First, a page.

Monday, June 10, 2013

Riding Mt. Bromo

Last week, a couple of friends (Chow Kok Yeang from Malaysia and Ramang Kristian from Bali) and I got together on the island of Java, Indonesia, to ride the volcanic trails of Mt. Bromo.


At 2,329 metres (7,641 ft), Mt. Bromo sits inside a caldera called the 'Sea of Sand'.  It's the most famous, but it isn't the highest or most prominent peak there.  Gunung Batok (or Mt. Batok) is the most prominent peak in the caldera, and the peak is easily confused with Mt. Bromo.  Gunung Semeru, visible a little further away, is the highest peak on Java.

The best time to go is during the dry season from August through November.  Mid-August, the transition between the wet and dry seasons, is the absolute best.  That's when the sand is still compact with moisture from the wet season, but the weather is dry and skies are blue.  I went last week, and was lucky with the weather that it didn't rain on us, but had some overcast and cloudy days so the views weren't as good.
Mt. Bromo is the one puffin' smoke. Gunung Batok is the big one to its right.
We flew in to Surabaya, the second largest city in Indonesia, and from there, it's a 4-5 hour drive to Cemero Lawang, the base for exploring Mt. Bromo.  Cemoro Lawang is at 2217m, so although it's in South East Asia, it does get pretty chilly at night.There are a few small hotels and simple homestays in Cemero Lawang.  We stayed in one of the local homestays, but the Lava Cafe Hostel looks pretty good.  The food is decent at Lava Cafe and there's free WiFi.  Otherwise, there are a few small local eateries where meals $1 and up.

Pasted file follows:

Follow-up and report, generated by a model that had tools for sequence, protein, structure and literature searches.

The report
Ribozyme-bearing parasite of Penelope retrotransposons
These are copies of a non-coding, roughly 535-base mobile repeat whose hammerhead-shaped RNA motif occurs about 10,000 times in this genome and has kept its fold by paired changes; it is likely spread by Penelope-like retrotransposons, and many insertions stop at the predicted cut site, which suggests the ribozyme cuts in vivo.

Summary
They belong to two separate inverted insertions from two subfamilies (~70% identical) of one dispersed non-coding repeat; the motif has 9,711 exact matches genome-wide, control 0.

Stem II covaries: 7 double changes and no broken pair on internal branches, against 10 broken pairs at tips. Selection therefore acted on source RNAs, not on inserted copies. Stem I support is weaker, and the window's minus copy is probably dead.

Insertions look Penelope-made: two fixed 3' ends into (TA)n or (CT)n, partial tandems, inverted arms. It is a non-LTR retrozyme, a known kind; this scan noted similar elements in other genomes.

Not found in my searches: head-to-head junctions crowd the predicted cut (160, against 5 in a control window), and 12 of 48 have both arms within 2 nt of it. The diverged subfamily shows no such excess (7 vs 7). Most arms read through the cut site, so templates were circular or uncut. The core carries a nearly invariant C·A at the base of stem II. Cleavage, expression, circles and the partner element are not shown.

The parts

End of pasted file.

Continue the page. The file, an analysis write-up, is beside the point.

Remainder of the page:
Meals start from about USD$1...
The riding itself was good.  The first day, we rode the 'Bromo Classic Track', which includes the 'Sea of Sand' through 'Teletubbies Hill', up 'Jembalong Hill', 'New Zealand' Trail, 'Kechiri Hill' and back down to the 'Sea of Sand' to Cemoro Lawang.  The second day was a fast downhill ride through various farming tracks; and Day 3 was the famous B-29 singletrack, which was supposed to be ├╝ber scenic, but we got clouded in.  The video should give you a good idea of the type of riding you can expect.

My Sandman Hoggar fatbike is the near perfect bike for Mt. Bromo, not only because the additional float and traction was welcome on the sand or down the steep, slick, muddy trails, but the tough titanium frame proved impervious to scratches as the bikes were crudely strapped onto the back of a pickup. 
Some enterprising kids took our bikes down to the river to wash.  I guess child labor and environmental laws are different here ;)
We engaged a local guide at very reasonable rates, and although you don't need one if you have the GPX tracks and a GPS, it simplifies logistics as the guide can probably arrange accommodation and transportation cheaper than you can.  If you need a guide, I can recommend our guide, Anom, who can be reached at anomharyawicaksana@gmail.com.  Alternatively, Ramang from Bali Rides can arrange a high quality trip to Mt. Bromo for you. Contact Ramang at ramang_kristian@yahoo.com


2 comments:

Anom Harya said...

Hi Mr Ken,
Thanks for giving recommendations (as riding guide in Bromo) to me.

About your article, I would like to give a correction about the spot which we spent all night. There is "Cemoro Lawang", not "Cemero Lawang" :D

Hopefully you were not regret to visit Bromo yah ;)

Kenneth Koh said...

Thanks Anom, I will make the correction.